24. 24. Templates <br />This website contains a collection of templates for building PowerPoint games based on the concepts of Jeopardy, Who Wants to be a Millionaire, Wheel of Fortune, Bingo, and $25,000 Pyramid. <br />All of these templates can be downloaded from the site and altered to suit your needs.<br />
    25. 25.<br /><br />Click on the teachers section to receive great tips, create your own games, and download study sheets for use in class.<br />Game Creation  <br />Provide student(s) with an assignment to create questions to make their own review game.<br />Students can play each other's review game and discuss the questions that were helpful. <br />
    26. 26.<br />
    28. 28.<br />Top 10 most visited educational games<br />1. The Laser Challenge Game<br />2. The Blood Typing Game<br />3. The Pavlov's Dog Game<br />4. The DNA - the Double Helix Game<br />5. The Lord of the Flies Game<br />6. The Electrocardiogram Game<br />7. The Control of the Cell Cycle Game<br />8. The Peace Doves Game<br />9. The Immune System Game<br />10. The Split Brain Experiments Game<br />Take care of a diabetic dog & learn about diabetes.<br />Learn how nerve cells communicate.<br />
    29. 29. Interactive Simulations from PhET<br /><ul><li>Simulations:
    30. 30. Physics
    31. 31. Biology
    32. 32. Chemistry
    33. 33. Math
    34. 34. Vary aspects such as:
    35. 35. Language (Arabic!)
    36. 36. playing speed
    37. 37. direction,
    38. 38. Labels
    39. 39. audio commentary</li></ul>PhET screenshot:<br />
    40. 40.<br />
    41. 41.<br />
    42. 42. Freezeray: <br />Scientific Literacy provides word games for a variety of topics. A teacher answer sheet of words is available as a pdf download.<br />The Tips and Templates section provides templates for Drag and Drop as well as word games.<br />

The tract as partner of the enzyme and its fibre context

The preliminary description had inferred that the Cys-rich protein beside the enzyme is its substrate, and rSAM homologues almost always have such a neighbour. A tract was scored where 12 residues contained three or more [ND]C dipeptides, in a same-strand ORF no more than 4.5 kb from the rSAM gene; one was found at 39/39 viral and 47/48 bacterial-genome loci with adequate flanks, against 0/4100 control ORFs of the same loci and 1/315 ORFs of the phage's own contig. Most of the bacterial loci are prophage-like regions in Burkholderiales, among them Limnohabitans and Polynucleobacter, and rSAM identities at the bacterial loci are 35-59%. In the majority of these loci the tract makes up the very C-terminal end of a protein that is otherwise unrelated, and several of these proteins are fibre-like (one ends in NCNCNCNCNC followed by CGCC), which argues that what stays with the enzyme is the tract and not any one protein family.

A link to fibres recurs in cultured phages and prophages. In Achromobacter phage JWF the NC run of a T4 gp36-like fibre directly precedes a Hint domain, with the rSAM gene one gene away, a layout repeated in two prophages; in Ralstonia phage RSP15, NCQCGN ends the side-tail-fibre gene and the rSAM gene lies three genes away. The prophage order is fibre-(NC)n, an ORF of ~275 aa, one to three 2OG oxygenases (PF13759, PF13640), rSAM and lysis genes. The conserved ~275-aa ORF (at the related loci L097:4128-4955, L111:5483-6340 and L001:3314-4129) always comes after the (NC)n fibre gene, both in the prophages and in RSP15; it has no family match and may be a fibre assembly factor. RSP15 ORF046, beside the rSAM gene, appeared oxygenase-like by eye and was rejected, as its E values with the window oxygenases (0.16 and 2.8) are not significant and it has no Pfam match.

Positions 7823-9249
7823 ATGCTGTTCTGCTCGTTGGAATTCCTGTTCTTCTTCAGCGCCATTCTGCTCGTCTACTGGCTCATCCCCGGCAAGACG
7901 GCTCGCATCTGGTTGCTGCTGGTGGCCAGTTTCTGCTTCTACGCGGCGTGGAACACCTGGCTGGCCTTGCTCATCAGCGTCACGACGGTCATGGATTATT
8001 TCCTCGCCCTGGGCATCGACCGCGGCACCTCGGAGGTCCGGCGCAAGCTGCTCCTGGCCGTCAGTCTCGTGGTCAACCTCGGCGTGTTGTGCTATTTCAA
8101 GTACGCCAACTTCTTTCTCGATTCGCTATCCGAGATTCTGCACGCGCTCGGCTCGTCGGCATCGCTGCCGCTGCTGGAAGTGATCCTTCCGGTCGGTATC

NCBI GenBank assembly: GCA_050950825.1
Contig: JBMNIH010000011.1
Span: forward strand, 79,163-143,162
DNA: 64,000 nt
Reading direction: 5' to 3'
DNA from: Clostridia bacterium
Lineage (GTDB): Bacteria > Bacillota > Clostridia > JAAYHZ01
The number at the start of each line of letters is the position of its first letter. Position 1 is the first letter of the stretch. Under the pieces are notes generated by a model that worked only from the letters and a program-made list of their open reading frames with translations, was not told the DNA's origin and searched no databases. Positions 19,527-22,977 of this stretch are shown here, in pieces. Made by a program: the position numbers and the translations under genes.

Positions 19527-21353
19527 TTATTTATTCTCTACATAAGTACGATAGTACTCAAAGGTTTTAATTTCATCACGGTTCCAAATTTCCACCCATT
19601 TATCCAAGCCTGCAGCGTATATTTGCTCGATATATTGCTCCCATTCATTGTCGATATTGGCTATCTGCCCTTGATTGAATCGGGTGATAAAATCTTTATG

43. 43. <br />Britain’s Channel 4 has teamed with the Institute of Physics to offer this set of online Flash games about sound, energy, and materials. A free registration is required, but made-up names seem to be acceptable. Teachers will want to preview these for suitability, but there seems to be considerable depth to the content.<br />
    44. 44. Supercharged:<br />In the educational video game "Supercharged," players can use magnetic fields to navigate mazes. Players also see electric field lines, which can help guide them through the course.<br />
    45. 45. Physics Games 24: <br />
    46. 46. Element Game Site:<br />Element Flash Cards - Learn the names and symbols of the elements!<br />Element Math Game - Calculate the number of protons, neutrons or electrons in an atom based on information from the Periodic Table of Elements!<br />Element Balancing Game - Practice balancing chemical equations by picking the correct coefficients!<br />Element Hangman - Discover which element the computer has picked by guessing the letters in its name!<br />Element Crossword Puzzles - Use the clues provided to solve each crossword puzzle!<br />Element Concentration - Challenge your memory and your knowledge of the elements!<br />
    47. 47. 8 Chemistry Games – 6 Levels of Learning <br />
    48. 48. Chemistry Challenges<br />
    49. 49. Chemistry Challenges<br />